Background: Several studies have shown that severe spinal deformity and early arthrodesis can adversely affect the development of the spine and thorax by changing their shape and reducing their normal function. This article analyzes the consequences of posterior fusion on the growth of spine, thorax and neural elements in New Zealand white rabbits and compares with similar human data. Materials and Methods : The first section of the article analyzes the consequences of T1-T6 dorsal arthrodesis on the growth of the spine, sternum, thorax volume and neural elements in 12 prepubertal female New Zealand white rabbits, through a study of CT scans and histology specimens. The second part, evaluates thoracic dimensions in 21 children with spinal arthrodesis for treatment of deformity performed prior to nine years of age. Results: Dorsal arthrodesis in prepubertal rabbits changes thoracic growth patterns. In operated rabbits thoracic depth grows more slowly than thoracic width. The sternum as well as length of thoracic vertebral bodies in the spinal segment T1-T6 show reduced growth. Children undergoing spinal arthrodesis before nine years of age were noted to have shortened height, short trunk and disproportionate body habitus at skeletal maturity. Observed spine height and chest dimension values were reduced compared to the expected norms. The ratio between chest width and chest depth was below normal values. Conclusions: The first part of the study shows that thoracic dorsal arthrodesis in prepubertal New Zealand white rabbit influences thoracic, spine growth and affects the shape of pseudo unipolar neurons of the dorsal root ganglia. The second part demonstrates that children treated before nine years of age have significantly reduced spine height and thoracic dimensions. The thorax becomes elliptical as chest depth grows less than chest width. Both experimental and clinical findings contribute to explain reduced chest growth and subsequent thoracic growth disturbance in patients treated with early arthrodesis.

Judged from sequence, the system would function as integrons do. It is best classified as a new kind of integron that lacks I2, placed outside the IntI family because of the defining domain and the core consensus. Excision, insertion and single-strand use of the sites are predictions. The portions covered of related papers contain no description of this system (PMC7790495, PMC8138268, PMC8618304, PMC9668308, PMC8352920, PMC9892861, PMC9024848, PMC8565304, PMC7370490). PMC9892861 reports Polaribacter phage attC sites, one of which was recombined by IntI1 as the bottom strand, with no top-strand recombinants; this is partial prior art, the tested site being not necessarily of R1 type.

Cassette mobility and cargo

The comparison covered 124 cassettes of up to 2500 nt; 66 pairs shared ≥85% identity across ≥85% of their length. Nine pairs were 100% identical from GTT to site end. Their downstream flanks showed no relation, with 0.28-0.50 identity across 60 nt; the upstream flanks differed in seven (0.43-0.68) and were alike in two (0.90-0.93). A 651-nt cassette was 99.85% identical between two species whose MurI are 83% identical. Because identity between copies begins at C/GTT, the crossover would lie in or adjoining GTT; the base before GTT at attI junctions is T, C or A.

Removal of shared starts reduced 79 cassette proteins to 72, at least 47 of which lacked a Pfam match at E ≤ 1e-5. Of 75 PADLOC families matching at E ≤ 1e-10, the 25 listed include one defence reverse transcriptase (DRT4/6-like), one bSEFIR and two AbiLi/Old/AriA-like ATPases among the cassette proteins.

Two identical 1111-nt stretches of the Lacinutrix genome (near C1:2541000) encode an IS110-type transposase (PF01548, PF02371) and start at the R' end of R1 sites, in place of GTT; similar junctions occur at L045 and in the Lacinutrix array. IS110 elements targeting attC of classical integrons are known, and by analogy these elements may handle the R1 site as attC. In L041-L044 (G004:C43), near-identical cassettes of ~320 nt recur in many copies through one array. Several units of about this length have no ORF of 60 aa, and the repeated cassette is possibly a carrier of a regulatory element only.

3,534 101 7
CASE REPORTS
Extramedullary hemopoiesis with undiagnosed, early myelofibrosis causing spastic compressive myelopathy: Case report and review
Udita Dewan, Niraj Kumari, Awadesh Jaiswal, Sanjay Behari, Manoj Jain
January-March 2010, 44(1):98-103
DOI:10.4103/0019-5413.57281  PMID:20165685